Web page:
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Should Petroluem brought under GST ?

Indian Petroluem Industry shall represent the GST. Petroluem sector shall be renamed as Oil firms and it shall lead & serve the needs of people. In a while ,they shall keep par with the E-way bills through advance payments. Any Industry shall avail taxation ,while they are tending to be diffused and wide-spread. The spillover effects of Direct tax is Good & Simple tax. Direct tax is a government service ,and can double the capability of the traders.India is a middle –income nation ,while the middle men rely on market to live easily. Markets provide the way for the ability of the consumer. A lots of billing softwares are traced for the petroleum Industry.

The prevalence justice in our society is highly dependent on the judiciary, which is why its efficiency is integral to the success of the social order of India. As long as the citizens of India believe in the mechanisms and integrity of courts, the judiciary remains the interpreter of laws and the determinant of social justice that it should be. Unfortunately, there are issues that restrict the reach of our laws to all Indian citizens.

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The whole nation suffers from Oil crisis if the International avenues are Institutionalised. Petroluem minning can be done by Indians itself to capture the market.The real world will not suffer from shortage of resources . GST Plan is a new plan . It multiplies the resources and the charges for avail and access. In order to access the resources centres are represented.Direction is to be done for accessing resources.Petroluem shall be brought under GST. Where ever GST goes there is safe tax and simply return of files. The file reporting of the petroleum Industry needs clarity to capture the consumers. The recent developments in the GST and collection , recovers records.

One of the most prominent concerns our country is facing is the sizable backlog of cases in courts. There has been an accumulation of cases in the Supreme Court, in the 24 High Courts and in subordinate courts. As of August 2018, the National Judicial Data Grid indicated a logjam of almost 2.8 crore cases in courts. This issue can primarily be attributed to a shortage in judges. The number of judges appointed all over India is far less than the total capacity of judges approved.

The requirement for judicial reforms is highlighted by the fact that the limited supply of judges to cater to the vast demand for the attention of courts by accumulating cases has led to a rise in the figurative price of justice. Those who approach courts not only incur the litigation costs, but also spend a large amount of time in wait. As William E. Gladstone said, “Justice delayed is justice denied”. Furthermore, there is a possibility that an increase in the efficiency of the judicial system could curb crime rates. The proximity of penalty for committing a crime that is brought by judicial efficiency would have the psychological effect of deterring crime.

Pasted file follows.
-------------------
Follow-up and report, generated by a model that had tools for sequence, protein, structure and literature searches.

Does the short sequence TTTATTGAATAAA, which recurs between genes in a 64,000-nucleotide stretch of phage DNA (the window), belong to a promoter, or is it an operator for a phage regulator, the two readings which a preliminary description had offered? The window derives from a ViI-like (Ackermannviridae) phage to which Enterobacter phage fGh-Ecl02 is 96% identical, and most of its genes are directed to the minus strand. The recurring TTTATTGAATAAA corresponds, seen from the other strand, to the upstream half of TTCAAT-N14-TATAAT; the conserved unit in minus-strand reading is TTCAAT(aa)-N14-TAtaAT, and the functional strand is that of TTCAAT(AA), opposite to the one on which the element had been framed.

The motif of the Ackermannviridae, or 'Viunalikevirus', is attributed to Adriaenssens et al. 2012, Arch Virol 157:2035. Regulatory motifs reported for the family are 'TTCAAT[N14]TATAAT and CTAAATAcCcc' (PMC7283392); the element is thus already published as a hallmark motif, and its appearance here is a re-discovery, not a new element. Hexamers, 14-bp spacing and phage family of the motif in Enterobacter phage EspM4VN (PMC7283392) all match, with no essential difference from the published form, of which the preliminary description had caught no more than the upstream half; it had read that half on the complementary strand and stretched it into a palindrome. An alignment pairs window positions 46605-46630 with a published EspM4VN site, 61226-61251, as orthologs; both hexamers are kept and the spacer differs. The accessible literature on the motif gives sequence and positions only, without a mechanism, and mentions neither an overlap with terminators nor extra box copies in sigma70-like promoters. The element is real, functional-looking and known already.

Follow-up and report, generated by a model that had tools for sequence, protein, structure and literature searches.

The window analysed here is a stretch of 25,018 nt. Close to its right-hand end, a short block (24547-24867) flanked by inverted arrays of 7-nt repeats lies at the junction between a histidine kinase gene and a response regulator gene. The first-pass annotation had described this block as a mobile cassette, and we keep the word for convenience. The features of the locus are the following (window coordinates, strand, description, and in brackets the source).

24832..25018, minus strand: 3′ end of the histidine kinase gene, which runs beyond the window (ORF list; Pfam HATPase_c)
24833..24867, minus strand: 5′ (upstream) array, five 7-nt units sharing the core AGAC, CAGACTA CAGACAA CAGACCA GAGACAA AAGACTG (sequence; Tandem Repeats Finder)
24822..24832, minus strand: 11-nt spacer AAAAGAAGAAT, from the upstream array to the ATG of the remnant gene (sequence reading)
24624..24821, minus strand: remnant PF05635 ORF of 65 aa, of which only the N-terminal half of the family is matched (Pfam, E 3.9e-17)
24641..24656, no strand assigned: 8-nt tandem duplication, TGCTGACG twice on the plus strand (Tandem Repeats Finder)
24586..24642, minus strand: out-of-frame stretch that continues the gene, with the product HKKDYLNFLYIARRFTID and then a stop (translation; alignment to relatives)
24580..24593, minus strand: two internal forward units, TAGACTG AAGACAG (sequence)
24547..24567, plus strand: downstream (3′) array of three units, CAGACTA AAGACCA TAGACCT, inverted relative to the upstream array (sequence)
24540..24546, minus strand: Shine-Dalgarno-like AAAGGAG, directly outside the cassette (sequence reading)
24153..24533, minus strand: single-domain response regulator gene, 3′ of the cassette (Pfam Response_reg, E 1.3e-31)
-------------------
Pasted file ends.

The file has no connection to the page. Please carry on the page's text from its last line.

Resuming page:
The independence of the judiciary is integral to the structure of our country. However, past situations coming under scrutiny have proved that even the judiciary may be prone to corruption. Judges who can be influenced by politics may create prejudice in courts, despite the principles of natural justice that demand trials without any bias whatsoever.

Corruption within courts makes the integrity and fairness of the judiciary questionable.

Judicial overreach is another issue that calls for reform. A past example of overreach that has been criticized is when Supreme Court ruled that operators with cancelled 2G licences must stop their services. The line between the judiciary and legislature must not be blurred. It is crucial to distinguish clearly between beneficial judicial activism and detrimental overreach to sustain the organs of the country and maintain their respective functions.

Above are the main reasons that indicate the need for judicial reforms in India. Possible solutions are as follows:

  1. Measures should be introduced to promote transparency in proceedings to avoid bias. Former Chief Justice of India P. Sathasivam once stated in an interview that the best way to tackle corruption in courts is through grievance petitions before the Chief Justice of respective high courts and the CJI, by litigants.
  2. More judges must be appointed in courts. The Supreme Court struck down the National Judicial Appointments Commission (NJAC) act in 2015, declaring it unconstitutional. A renewed version of this idea and goal could help effectively appoint more judges. If the shortage of judges and courtroom facilities were suitably addressed, the logjam of cases could be cut down with the increase in efficiency. Competence is key. Appointed court officials must have a good level of qualifications and skill to ensure legal disputes are resolved expeditiously.
  3. There should be an established mandatory pre-litigation process in place to discourage frivolous litigation to conserve the court’s time.
  4. An independent executive body could be set up solely to ensure the enforcement of judgements issued by the court, to improve faith in its effectiveness.

- Sharanya Sanjay